Delight in North Holland Gouda, a UNESCO World Heritage Site Cheese

By September 24, 2020News

From the peaceful pastures of North Holland comes a cheese that is so divine, its lands are designated as a UNESCO World Heritage Site. The Beemster Polder is located north of Amsterdam with a history from the early 17th century. In 1612, this land was created by draining Lake Beemster to make way for agricultural land while protecting from flooding as was prone to this low-lying region.

The Dutch cheeses produced here to this day are steeped in the rich history and traditions of the land. One of the best examples of notable North Holland gouda comes from Beemster, a small family farm founded in 1901. The farm’s success was built upon that essential drainage, creating a nutrient-rich pasture that provide the cows ample feasting opportunities on the rich grass.

It takes exceptional milk to make this kind of gouda. That kind of milk can only come from cows that are well cared for, free of pesticides or artificial hormones. This gives the milk an incredible creaminess which is the basis for Beemster cheese. With artisan techniques, the top-tier milk creates a truly sensational cheese.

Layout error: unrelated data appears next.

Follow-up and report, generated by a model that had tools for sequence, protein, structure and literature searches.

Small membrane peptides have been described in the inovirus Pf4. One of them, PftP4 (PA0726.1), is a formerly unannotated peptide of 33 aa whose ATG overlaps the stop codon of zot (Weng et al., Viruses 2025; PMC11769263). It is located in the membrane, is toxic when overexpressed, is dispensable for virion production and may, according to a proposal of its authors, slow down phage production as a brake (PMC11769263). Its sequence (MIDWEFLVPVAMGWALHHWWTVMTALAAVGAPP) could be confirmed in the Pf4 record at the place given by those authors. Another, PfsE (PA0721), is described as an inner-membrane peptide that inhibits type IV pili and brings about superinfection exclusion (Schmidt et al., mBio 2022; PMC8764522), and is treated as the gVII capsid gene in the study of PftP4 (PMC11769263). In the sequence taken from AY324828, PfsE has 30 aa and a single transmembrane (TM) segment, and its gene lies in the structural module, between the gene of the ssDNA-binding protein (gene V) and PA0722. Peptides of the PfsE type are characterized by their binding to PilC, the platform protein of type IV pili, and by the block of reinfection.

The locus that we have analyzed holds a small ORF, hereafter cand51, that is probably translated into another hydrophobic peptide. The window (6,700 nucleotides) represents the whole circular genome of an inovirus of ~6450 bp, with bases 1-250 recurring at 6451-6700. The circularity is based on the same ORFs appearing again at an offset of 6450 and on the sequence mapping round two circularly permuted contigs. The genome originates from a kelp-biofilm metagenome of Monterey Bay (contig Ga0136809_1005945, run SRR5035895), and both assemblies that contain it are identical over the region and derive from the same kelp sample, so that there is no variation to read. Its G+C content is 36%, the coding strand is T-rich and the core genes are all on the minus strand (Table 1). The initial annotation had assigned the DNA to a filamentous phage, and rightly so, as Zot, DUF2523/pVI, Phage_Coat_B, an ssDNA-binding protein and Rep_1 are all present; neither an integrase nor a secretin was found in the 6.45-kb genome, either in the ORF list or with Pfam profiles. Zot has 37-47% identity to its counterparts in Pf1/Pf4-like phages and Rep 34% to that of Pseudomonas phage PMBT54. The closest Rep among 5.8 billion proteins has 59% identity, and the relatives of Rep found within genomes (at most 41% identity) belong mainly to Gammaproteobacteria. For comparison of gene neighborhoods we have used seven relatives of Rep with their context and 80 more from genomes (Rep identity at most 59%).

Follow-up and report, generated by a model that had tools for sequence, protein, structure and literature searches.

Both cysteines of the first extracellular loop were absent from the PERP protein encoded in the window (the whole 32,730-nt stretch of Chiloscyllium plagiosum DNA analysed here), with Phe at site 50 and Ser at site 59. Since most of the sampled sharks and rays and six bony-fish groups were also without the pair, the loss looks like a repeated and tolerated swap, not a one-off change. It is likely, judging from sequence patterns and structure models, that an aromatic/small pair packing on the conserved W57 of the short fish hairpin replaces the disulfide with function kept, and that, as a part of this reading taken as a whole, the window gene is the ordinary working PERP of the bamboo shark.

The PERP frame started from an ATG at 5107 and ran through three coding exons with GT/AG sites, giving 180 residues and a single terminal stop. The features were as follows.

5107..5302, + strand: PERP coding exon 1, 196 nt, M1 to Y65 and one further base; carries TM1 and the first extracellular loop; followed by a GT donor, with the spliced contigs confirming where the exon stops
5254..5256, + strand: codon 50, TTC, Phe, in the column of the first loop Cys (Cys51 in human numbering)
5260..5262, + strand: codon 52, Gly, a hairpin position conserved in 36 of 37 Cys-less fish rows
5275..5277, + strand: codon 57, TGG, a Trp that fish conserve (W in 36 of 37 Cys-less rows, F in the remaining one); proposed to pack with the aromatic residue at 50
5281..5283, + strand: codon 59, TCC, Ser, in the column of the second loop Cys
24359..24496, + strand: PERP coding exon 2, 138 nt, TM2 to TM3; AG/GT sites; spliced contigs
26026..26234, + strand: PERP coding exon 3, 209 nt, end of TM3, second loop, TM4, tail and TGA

Deeper into the Terroir

Another point of interest for Beemster is that the soil is a unique composition. Made from slate-blue clay, the grass is far more fertile and dense in nutrients than grass in other locations. Because of the history of this land, the protection of it was of utmost importance.

While UNESCO has designated it officially, those on the farm keep up the traditions of quality. Curds are hand-stirred, the brine is traceable to the mother brine from the very beginning, and all cheeses are slowly aged in a natural way on wooden planks in stone warehouses. It’s a green and sustainable practice that incorporates modernized production while still holding true the traditional methods the elicit such heavenly taste and texture.

 

How to Enjoy Beemster Gouda

An hour before you plan to serve your Beemster cheese, take it from your refrigerator. Tempering is the term for this, which allows your cheese to warm up. This makes cutting effortless while letting the natural flavours of the cheese come to life. Leaving it wrapped prior to cutting it will keep the cheese in prime condition to serve, though once ready, cut what you need, removing the rind.

Beemster cheeses are best cut into rugged chunks. They’re ideal for a cheese board, snacking, or for use in cooking. With wine, dry whites like Chardonnay will pair nicely though if you prefer reads, choose a Bordeaux. When selected aged Beemster, something rich and fruitier in the way of reds will be a treat while a Riesling can offer a different feel in the way of a white wine.